by Taylor Dahl

If you’re like most of us, discussing problems with your sex life can be uncomfortable. But when it comes to sex after menopause, there's plenty to talk about. As if hot flashes and night sweats weren't enough to cope with, some physical issues associated with the transition may make sex painful or even difficult.

During menopause, the ovaries stop producing the sex and reproductive hormone estrogen, which causes a number of changes within the body. Unfortunately, some of those changes can lead to a low sex drive and vaginal dryness, among other things.

Thankfully, there are many treatment options—both medical and natural—to help you get back to enjoying the pleasure again.

We asked Lauren Juyia, DO, an OBGYN with Oak Hill Hospital in Brooksville, Florida, to discuss the top complaints she hears about sex after menopause, plus how to remedy the issues.

Complaint #1: “It’s really dry down there.”

The most common complaint of post-menopausal women? “Everything feels very dry, like sandpaper," says Dr. Juyia. That's a result of the decline in estrogen levels during menopause, which makes the lining of the vagina thinner, drier and less elastic. This thinning can also cause the urethra to become irritated, which can increase your risk of urinary tract infections—and can cause you to urinate more often, too.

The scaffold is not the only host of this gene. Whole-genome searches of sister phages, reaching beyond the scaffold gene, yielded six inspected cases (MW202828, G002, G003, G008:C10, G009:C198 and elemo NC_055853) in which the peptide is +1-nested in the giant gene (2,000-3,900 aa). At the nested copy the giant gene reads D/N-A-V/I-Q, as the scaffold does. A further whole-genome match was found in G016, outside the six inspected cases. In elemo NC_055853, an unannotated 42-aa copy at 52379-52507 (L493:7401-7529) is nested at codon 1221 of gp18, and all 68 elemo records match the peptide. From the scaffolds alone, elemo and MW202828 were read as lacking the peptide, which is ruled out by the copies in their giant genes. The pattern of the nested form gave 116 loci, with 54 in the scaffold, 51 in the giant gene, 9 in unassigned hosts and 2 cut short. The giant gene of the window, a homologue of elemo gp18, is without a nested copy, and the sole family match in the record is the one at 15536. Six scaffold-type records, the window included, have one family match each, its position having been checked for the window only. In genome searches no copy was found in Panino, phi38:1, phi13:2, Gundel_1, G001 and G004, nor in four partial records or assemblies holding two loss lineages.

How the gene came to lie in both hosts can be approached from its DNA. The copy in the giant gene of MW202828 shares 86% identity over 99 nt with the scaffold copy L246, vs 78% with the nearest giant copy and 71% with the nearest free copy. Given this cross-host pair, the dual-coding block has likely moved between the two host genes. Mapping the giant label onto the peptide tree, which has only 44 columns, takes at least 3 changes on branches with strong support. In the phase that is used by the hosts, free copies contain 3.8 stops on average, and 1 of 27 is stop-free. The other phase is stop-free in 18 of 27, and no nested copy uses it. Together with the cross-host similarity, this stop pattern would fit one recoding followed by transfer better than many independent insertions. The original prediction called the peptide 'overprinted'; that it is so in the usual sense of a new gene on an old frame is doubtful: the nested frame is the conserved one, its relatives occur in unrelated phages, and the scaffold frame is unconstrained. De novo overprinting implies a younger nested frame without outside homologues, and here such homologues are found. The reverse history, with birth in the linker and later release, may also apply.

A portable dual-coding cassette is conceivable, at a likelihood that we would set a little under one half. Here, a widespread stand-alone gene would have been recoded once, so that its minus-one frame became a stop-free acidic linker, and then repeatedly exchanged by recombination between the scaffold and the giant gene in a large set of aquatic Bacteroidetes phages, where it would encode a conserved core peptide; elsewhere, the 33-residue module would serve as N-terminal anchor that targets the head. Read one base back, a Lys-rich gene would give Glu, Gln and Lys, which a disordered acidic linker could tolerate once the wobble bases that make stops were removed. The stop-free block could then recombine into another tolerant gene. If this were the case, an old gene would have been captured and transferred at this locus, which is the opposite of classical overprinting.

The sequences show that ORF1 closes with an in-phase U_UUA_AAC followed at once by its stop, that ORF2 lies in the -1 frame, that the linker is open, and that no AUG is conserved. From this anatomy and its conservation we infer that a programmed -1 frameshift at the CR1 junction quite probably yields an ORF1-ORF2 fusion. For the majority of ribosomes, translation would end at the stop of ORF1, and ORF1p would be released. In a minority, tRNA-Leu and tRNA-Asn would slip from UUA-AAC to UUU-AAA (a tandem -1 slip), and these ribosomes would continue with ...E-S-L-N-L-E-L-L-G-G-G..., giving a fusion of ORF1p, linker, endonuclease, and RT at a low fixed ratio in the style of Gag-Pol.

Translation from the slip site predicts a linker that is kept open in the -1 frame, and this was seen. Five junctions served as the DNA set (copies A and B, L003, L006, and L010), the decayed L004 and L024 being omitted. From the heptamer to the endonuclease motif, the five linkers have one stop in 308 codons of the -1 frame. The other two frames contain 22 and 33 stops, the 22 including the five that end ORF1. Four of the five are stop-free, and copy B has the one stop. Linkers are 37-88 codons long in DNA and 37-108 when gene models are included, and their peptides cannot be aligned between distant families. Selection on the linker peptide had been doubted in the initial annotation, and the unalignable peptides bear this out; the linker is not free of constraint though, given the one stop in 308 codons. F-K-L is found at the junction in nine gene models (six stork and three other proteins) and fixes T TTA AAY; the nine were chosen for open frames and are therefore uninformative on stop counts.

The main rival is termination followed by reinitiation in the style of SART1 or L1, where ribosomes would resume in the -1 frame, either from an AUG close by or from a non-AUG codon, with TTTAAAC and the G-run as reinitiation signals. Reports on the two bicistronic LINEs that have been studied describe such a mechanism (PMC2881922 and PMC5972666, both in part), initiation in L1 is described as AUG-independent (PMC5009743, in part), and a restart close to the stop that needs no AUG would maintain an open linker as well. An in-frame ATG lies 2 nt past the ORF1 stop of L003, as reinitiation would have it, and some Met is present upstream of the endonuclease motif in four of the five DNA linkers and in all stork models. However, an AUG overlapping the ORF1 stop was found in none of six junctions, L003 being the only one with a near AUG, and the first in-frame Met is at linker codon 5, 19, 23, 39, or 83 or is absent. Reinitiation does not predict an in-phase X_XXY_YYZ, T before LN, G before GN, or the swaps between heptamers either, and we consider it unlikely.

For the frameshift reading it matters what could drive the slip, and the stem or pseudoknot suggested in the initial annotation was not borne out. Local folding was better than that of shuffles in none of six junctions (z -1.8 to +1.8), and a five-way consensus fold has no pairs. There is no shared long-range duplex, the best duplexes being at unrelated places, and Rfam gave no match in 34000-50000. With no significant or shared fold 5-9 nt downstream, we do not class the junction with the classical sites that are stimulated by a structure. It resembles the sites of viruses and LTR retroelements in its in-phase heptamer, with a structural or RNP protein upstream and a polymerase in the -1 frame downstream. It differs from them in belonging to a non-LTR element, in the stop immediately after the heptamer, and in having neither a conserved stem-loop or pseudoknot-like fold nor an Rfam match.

You may be able to treat vaginal dryness at home with a water-based lubricant, says Juyia. If that doesn’t work, see your doctor, who may prescribe an estrogen cream to apply directly to the vagina. These creams can help restore some moisture to the area.

Complaint #2: “Sex is painful.”

Vaginal dryness can make intercourse difficult—and who wants to have sex when it hurts?

“In postmenopausal women, the most common cause of painful sex is a lack of estrogen,” Juyia says. "I tell my patients that the vaginal tissue gets wimpy without the estrogen around." Again, estrogen treatments can help—usually within four to six weeks—by making the vagina more lubricated.